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The ecclesiastical consciousness, as having arrived now at greater repose, but as also in a state of spiritual paralysis, limits itself primarily to the preserving and digesting of the views already-attained to, and to the constructing of systems of life-rules on the basis of the decisions of the Fathers and of church councils,—at best elucidated anew by examples from the Scriptures or from the legends of the saints. The practical decisions on the subject of church penance gave rise gradually, in connection with these collections of rules, to a very minutely-specifying system of casuistry, which, however, related primarily chiefly to transgressions. The moral views themselves were already largely estranged from evangelical purity, and an ascetic monk-morality, not binding upon all, passed as the ideal of Christian virtue, while the general morality, binding upon all, was to a large degree neglected.

The libri poenitentiales, for the use of confessors, are based for the most part on the decisions of synods and on ancient practice, but are also in some degree complemented by their respective authors; they give for the most part little more than imperfectly classified and illogically connected registers of single sins and of the church-penances and penalties imposed therefor, the latter of course without established and certain norms (Theodore of Canterbury, Bede, Halitgarius and others). These books form the beginning of a casuistical treatment of ethics, which was subsequently extended to other questions than sins, especially to cases of conscience.—Attempts at a more independent and more connected, but yet, on the whole, purely 200practical treatment of ethics—mostly simply on single points,—were made by Alcuin (De virtutibus et vitiis; De ratione animae), largely borrowing from Augustine; also by Rhabanus Maurus, by Jonas, Bishop of Orleans (about 828), by the earnestly sin-rebuking Ratherius of Verona (ob. 974), by Damani (ob. 1072), the excessive eulogist of self-castigation, and by the learned Fulbert of Chartres (ob. 1029).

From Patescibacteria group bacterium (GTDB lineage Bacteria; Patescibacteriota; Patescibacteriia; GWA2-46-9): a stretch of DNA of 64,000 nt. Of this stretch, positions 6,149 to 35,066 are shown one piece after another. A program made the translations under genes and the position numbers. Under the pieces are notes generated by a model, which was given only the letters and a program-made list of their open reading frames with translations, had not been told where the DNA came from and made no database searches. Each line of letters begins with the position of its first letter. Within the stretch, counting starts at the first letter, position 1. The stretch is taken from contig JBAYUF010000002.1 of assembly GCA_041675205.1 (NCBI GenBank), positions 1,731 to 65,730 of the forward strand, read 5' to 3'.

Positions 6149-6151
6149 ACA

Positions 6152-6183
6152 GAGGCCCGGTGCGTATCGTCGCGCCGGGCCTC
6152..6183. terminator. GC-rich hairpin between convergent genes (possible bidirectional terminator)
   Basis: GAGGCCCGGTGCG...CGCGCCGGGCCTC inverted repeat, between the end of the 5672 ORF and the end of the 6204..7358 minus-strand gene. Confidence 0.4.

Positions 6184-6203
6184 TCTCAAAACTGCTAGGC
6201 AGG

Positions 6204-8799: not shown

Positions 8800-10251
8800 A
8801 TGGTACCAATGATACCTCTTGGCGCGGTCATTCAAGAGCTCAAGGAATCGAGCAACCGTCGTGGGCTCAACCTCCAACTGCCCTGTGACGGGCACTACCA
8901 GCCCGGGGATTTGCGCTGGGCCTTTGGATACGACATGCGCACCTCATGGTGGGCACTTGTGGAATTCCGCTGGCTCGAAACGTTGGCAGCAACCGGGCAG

In proportion as the zeal of love abated, and worldly-mindedness increased in the church at large, in the same proportion arose, as in antithesis to this secularism of the church, a zeal for a special holiness transcending the general morality required of all. Directions for the monkish life form a favorite topic for ecclesiastical moralists; the merits of the ascetic life are more warmly lauded than the practical Christian life in the civil or domestic spheres, and wedlock is progressively more deeply disparaged as in contrast to entire renunciation; consorts are loaded with praise, who divorce themselves in order to practice such renunciation; and according to Damiani’s assertion, even St. Peter had to undergo the martyr-death in order to wash away the stains of his wedlock-life (De perfectione monach, c. 6).

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